speculated that this may be the only part of the penis that enters the female, and hence
measured it separately (hereafter 'intromittent' penis). We measured the depth of the
female vaginal tract by inserting a probe into the vagina of the dissected female and
measuring the distance from the point of insertion to the cervix at the point of uterine
horn separation. All lengths and widths were recorded using Mitutoyo electronic
calipers (Tokyo, Japan) to the nearest ±0.1 cm for head/body and tail lengths and
±0.1 mm for all other lengths and widths; mass was recorded on an AccuLab digital
scale (Edgewood, NY, USA) to ±0.01 g. To reduce the effect of sampling variability,
all measurements were taken by the same person (M. M.).
Statistical analysis
Data were natural log transformed to meet the assumptions of normality. Males and
females were compared for differences in body size and coefficients of variation (CV)
were calculated using the standard method:
(Sokal & Rohlf, 1995). For allometry analyses, we used an ordinary least squares
(OLS) model, that examines relationships between log–log regressions of trait size on
body length. When OLS slopes showed a significant deviation (α<0.1) from zero, we
determined deviations from isometry, where the slope is equal to one, using reduced
major axis (RMA) regression (Lüpold et al., 2004; Kinahan et al., 2007). The latter
method is more appropriate when variables are subject to measurement error and to
overcome scale dependence (Sokal & Rohlf, 1995). Positively allometric traits result
in β >1, isometric traits β=1 and negatively allometric traits β <1. SAS 9.1 (SAS
Institute Inc., Cary, NC, USA) was used for all statistical analyses.
The structures of male and female genitalia are illustrated in Fig. 1a and b. Table 1a
and b provide the mean and se for all traits measured for males and females,
respectively. Relative to body length, males have an extremely long penis that is c.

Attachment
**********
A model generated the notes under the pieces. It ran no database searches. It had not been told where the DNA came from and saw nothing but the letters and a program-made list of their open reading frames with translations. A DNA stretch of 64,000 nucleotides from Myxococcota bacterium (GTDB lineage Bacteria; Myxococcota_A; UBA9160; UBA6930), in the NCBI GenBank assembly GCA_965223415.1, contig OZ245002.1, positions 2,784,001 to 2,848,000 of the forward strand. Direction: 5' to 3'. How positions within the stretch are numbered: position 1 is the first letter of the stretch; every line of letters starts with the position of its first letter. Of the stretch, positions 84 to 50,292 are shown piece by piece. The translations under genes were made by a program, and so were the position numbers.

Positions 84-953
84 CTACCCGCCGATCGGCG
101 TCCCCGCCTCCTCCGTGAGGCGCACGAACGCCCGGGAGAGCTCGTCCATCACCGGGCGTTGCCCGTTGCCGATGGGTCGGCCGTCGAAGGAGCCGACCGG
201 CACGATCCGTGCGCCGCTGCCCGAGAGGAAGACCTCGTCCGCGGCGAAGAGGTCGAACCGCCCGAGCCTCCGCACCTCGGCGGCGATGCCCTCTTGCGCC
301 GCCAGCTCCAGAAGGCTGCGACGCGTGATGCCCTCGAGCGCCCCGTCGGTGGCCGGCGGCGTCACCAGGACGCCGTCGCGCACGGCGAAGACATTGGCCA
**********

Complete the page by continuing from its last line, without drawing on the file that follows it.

42.4% of the head/body length and a mean 'intromittent' length that is 12.1% of the
head/body length. Males have a mean relative testes size of 2.2 (as calculated for
rodents in Kenagy & Trombulak, 1986), with testes mass accounting for 1.5% of the
total body mass. Females have a mean vaginal depth of 5.4 cm, which is 22.4% of the
head/body length.
Figure 1 (a) In situ reproductive anatomy of an adult male Xerus inauris; T, testis;
CAP, caput epididymis; COR, corpus epididymis; CAU, cauda epididymis; P, penis;
I, intromittent; G, glans. (b) In situ reproductive anatomy of an adult female Xerus
inauris; UH, uterine horns; O, ovary; V, vagina; Vul, vulva.
Table 1 Summary data of morphological measurements for male (a) and female (b)
Xerus inauris
Masses are recorded in grams and lengths are in millimetres. % CV=percentage
coefficient of variation.
Excluding pregnant females.
OLS regressions on the reproductive traits of males showed a significant relationship
between body length and penis length, and body length and epididymal mass (Table
2). Females demonstrated no relationship between body length and reproductive tract
depth or mass (Table 2). RMA regressions show that total penis length is isometric
(i.e. increases in direct proportion) with respect to body size while epididymal mass
and testes mass are positively allometric in relation to body size (Table 2). The male
traits exhibiting positive allometry also had higher phenotypic CVs than isometric
Table 2 Results of linear ordinary least squares (OLS) and reduced major axis
(RMA) regressions for male and female Xerus inauris morphological traits (y-axis)
regressed against body length (x-axis)
The Cape ground squirrel has a relative testes size of 2.2 (sensuKenagy & Trombulak,
1986), which, to the best of our knowledge, is one of the greatest proportional testes
sizes recorded for any squirrel species (Kenagy & Trombulak, 1986). Levels of
competition, as indicated by the OSR, can be high in other squirrel species, such as
Spermophilus beecheyi (14:1) and Sciurus carolinensis (10.6:1), (Koprowski, 1993;
Boellstorff et al., 1994; Waterman, 1998) but X. inauris has a larger relative testes
size than either of these species (2.03 and 1.63, respectively) (Kenagy & Trombulak,
1986). The large relative testes size could be a product of the male grouping system
and year-round breeding, which does not occur in S. beecheyi or S. carolinensis, such
that sperm competition risk is ever present and intensity is often high. Testes size is
directly related to sperm competition intensity and has been shown to increase in
polygynandrous mating systems (Parker et al., 1997; Hosken & Ward, 2001; Pitnick
et al., 2001; Ramm et al., 2005). Given that female Cape ground squirrels mate with
multiple males (Waterman, 1998), a large relative testes size is expected, as males
should invest more in testicular tissue to increase the number of sperm per ejaculate.
However, unlike other rodents where larger testes are also correlated with multiply
sired litters (Ramm et al., 2005), Cape ground squirrels, with an average litter size of
1.6, are less likely to have multiply sired litters (Waterman, 1996). A small litter size
does not, however, preclude a high level of sperm competition; in fact, it may
encourage greater investment in competitive ejaculates due to the low paternity
returns expected from each female.